In a comment for IDSA last year, this author had suggested that India needed to entice Western defence majors by making small investments in four or five major producers of defence equipment so that they remained interested in the Indian economy. If anything, things are looking even bleaker now with the Rupee falling by nearly 25 per cent in recent months. This means that defence procurement might come under increasing strain and the current defence budget may also end up surrendering sizeable amounts if decisions on capital acquisitions are further delayed.
FDI in retail is considered attractive because it is expected that foreign investors will also spend large amounts on developing India’s infrastructure such as warehousing, cold storage facilities, roads and other transportation needs. Similarly, higher FDI and Joint Ventures (JV) in defence are also likely to offer other benefits such as faster and more robust development of the defence industry, increased employment opportunities, training of Indian manpower in handling high technology and opportunities for export to third countries. The only reason for the MoD’s concerns could be the objections from the powerful Defence Public Sector Undertakings (DPSUs) that fear a loss of their clout. The late K. Subrahmanyam had rightly advocated encouraging defence industry as a non-inflationary measure. According to one report, in 2010 alone, India had spent a whopping US$28 billion on various subsidies and yet only 59 per cent of the food grain reached the intended recipient; but that does not stop the GoI from pursuing such populist programmes.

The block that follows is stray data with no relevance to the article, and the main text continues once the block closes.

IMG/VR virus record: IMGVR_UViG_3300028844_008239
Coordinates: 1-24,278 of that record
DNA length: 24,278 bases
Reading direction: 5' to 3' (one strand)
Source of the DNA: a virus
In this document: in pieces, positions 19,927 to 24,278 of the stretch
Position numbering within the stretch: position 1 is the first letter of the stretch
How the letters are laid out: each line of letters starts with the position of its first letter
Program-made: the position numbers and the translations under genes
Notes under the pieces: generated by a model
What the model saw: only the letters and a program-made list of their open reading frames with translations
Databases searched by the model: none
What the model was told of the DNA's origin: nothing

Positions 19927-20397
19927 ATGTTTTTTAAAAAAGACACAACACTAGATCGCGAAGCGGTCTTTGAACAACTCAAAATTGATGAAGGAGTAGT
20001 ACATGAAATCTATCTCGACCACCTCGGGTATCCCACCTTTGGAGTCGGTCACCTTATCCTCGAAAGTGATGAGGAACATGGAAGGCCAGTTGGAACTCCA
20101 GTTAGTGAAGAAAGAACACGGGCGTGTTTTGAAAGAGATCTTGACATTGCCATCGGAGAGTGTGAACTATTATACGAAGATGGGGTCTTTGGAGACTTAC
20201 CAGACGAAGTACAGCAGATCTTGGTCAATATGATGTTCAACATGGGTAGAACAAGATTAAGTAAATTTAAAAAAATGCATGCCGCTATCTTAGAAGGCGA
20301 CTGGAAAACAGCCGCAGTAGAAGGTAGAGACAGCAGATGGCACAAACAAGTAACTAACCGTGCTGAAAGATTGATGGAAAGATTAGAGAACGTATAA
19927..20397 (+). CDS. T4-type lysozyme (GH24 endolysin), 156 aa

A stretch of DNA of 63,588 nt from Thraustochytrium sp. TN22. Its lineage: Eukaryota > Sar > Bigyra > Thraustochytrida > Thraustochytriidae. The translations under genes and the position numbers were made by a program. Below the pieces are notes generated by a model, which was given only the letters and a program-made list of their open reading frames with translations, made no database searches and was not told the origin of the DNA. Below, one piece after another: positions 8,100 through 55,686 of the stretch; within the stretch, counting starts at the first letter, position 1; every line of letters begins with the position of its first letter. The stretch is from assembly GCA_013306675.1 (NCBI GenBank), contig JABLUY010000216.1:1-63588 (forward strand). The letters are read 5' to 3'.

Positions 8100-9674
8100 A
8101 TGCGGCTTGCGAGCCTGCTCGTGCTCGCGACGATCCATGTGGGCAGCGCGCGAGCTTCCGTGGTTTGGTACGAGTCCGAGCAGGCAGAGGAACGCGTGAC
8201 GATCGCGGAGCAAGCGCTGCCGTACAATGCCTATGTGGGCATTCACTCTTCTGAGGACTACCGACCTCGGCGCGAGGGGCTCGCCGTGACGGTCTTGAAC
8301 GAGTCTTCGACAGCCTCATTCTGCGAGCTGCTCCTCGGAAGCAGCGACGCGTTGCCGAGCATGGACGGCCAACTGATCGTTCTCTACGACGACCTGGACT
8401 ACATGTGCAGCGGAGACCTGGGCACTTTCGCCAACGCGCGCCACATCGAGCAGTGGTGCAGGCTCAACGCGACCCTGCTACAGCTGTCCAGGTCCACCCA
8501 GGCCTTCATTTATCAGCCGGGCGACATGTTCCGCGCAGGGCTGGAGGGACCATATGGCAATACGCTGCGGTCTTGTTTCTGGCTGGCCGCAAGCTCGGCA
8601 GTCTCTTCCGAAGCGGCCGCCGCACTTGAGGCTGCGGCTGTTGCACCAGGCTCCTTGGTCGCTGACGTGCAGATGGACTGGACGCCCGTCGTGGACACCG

In the mid-1950s, Britain permitted India to manufacture the Gnat aircraft and the Orpheus engine under licence. In 1963, at the height of the Cold War, the former Soviet Union allowed India a similar option to licence-produce the MiG-21. In the late 1990s, Russia did neither objected to India demanding the fitting of Western avionics on the Bison, a modified MiG-21 bis, nor the mating of Western technologies with the Su-30 and the Il-76, the latter fitted with the Israeli Phalcon radar. If neither of these collaborative arrangements adversely affected India’s ‘strategic autonomy’, then why the continued apprehensions to allow a higher than 26 per cent FDI in defence? India’s dependence on foreign vendors for its defence needs is already high and it is unlikely to come down soon.
Given the current economic uncertainties, many big ticket defence deals in the pipeline are likely to be further delayed. Such delays will increase the costs due to a weak Rupee and severely constrain India’s strategic choices. Delayed induction of the 75 basic trainers, for example, will create long term problems for operational readiness of the Indian Air Force (IAF) especially because air force training is already under considerable strain for some time now.
K. Subrahmanyam had also hoped for India to become a ‘knowledge power’. That is unlikely to happen without bold decisions. Such hesitation is also likely to have undesirable effects on the actualising of the huge offset clauses because, along with an enduring partnership with India, any foreign investor would also like to make profits. Military modernisation requires innovative thinking and perseverance and any perceived complacency might unravel the Indian dream of attaining self-sufficiency in defence. In the absence of a sustained and visible commitment to rapid indigenisation, India’s dependence on foreign suppliers for its defence needs will only increase and India will sadly remain a ‘knowledge colony’.